State support for journalism is in the public interest
New fund could be created by taxing tech giants
Some years ago, the then cathaoirleach of the National Union of Journalists’ Irish executive council, Mary Maher, and myself were called before an Oireachtas committee on communications.
On arrival at Leinster House, we happened to meet Michael D Higgins, former minister for arts, culture and the Gaeltacht and a future President of Ireland.
Deputy Higgins inquired as to the purpose of our visit. We explained that we were going to give our views on public-service broadcasting.
“Ah, Mary,” the former minister cautioned, “they will look at you as if you were an advocate for shoelaces at the time of the introduction of the slip-on shoe.”
Covid-19 has exposed the fragility of the industry: the consequences of underinvestment
Michael D’s foreboding words resonate again as the Future of Media Commission considers the future not just of public-service broadcasting but of public-interest journalism.
The concept of journalism as a public good may have fallen out of fashion but over the past 12 months there has been a renewed appreciation of the value of informed, authoritative journalism from trusted sources.
But at a time when public-interest journalism is most needed the media is in crisis.
Commercial media organisations are struggling to survive, the regional newspaper sector teeters on the edge while Facebook and Google siphon off revenue by exploiting the work of those whose precarious future should be the dominant concern of the commission.
Covid-19 has exposed the fragility of the industry: the consequences of underinvestment, the paucity of action to protect public-service broadcasting, public-interest journalism and media diversity.
The commission has been charged with charting the path for public-service broadcasting and for public-interest “content” provided by commercial media across all platforms.
The time has come to challenge the shibboleth that acceptance of government support, however regulated, would automatically compromise editorial standards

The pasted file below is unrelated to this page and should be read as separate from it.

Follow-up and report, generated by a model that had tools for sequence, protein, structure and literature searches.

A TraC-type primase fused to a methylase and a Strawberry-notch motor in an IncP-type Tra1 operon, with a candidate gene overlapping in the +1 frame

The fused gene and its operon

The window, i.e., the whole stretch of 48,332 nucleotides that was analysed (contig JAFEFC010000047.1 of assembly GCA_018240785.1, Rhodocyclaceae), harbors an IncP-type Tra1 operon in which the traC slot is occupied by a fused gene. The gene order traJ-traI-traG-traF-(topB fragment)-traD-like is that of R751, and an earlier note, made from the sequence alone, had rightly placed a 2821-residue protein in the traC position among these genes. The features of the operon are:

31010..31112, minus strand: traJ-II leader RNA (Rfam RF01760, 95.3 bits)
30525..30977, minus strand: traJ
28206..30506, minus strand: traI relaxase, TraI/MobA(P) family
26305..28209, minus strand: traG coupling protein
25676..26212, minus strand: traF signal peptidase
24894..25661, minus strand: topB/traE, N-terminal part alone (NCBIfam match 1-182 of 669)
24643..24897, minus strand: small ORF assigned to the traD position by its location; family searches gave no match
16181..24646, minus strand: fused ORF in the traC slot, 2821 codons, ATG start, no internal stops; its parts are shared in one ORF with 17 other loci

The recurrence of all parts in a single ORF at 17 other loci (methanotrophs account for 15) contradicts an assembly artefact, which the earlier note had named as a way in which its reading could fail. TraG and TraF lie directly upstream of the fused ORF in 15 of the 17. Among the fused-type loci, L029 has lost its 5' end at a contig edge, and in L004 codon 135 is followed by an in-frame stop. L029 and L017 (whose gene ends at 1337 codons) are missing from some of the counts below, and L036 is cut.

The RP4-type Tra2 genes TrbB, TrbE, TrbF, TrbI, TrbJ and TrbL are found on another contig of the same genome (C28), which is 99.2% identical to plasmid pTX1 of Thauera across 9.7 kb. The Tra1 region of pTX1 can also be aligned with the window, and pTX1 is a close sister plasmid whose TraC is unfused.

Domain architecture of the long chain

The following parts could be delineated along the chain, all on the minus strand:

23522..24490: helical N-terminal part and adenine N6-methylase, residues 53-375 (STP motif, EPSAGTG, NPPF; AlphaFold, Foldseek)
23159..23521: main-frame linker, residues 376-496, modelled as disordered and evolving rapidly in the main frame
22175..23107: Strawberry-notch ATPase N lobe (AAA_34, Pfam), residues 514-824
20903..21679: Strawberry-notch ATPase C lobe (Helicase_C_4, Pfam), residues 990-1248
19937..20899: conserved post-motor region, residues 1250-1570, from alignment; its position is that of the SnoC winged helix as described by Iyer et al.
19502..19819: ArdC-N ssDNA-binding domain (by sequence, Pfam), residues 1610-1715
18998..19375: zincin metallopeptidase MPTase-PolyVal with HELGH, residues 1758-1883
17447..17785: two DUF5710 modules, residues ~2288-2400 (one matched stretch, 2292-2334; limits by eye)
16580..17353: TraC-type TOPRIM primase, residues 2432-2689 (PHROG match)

In any debate the focus should not be on the platforms used to convey stories but on journalism, a phrase I prefer to “content”.
RTÉ and TG4 provide quality public-service broadcasting despite political cowardice when it comes to reforming funding and the licence-collection system.
A vibrant private-sector media is also important to a healthy democracy. This is recognised through supports for independent production companies in the film and broadcasting sectors, yet no such supports exist for the newspaper or digital news sector.
The time has come to challenge the shibboleth that acceptance of government support, however regulated, would automatically compromise editorial standards.
The NUJ’s submission to the commission, Journalism, Not Just Business, calls for the establishment of an independent, publicly funded agency which would support public-interest journalism and have a development and training role across all media platforms.
The concept of subsidising commercial news organisations is seen in some quarters as a heresy. Many citizens, including NUJ members, are understandably fearful about the threat to editorial independence, based on a belief that any State subventions would compromise editorial independence. These fears can be addressed through transparent structures.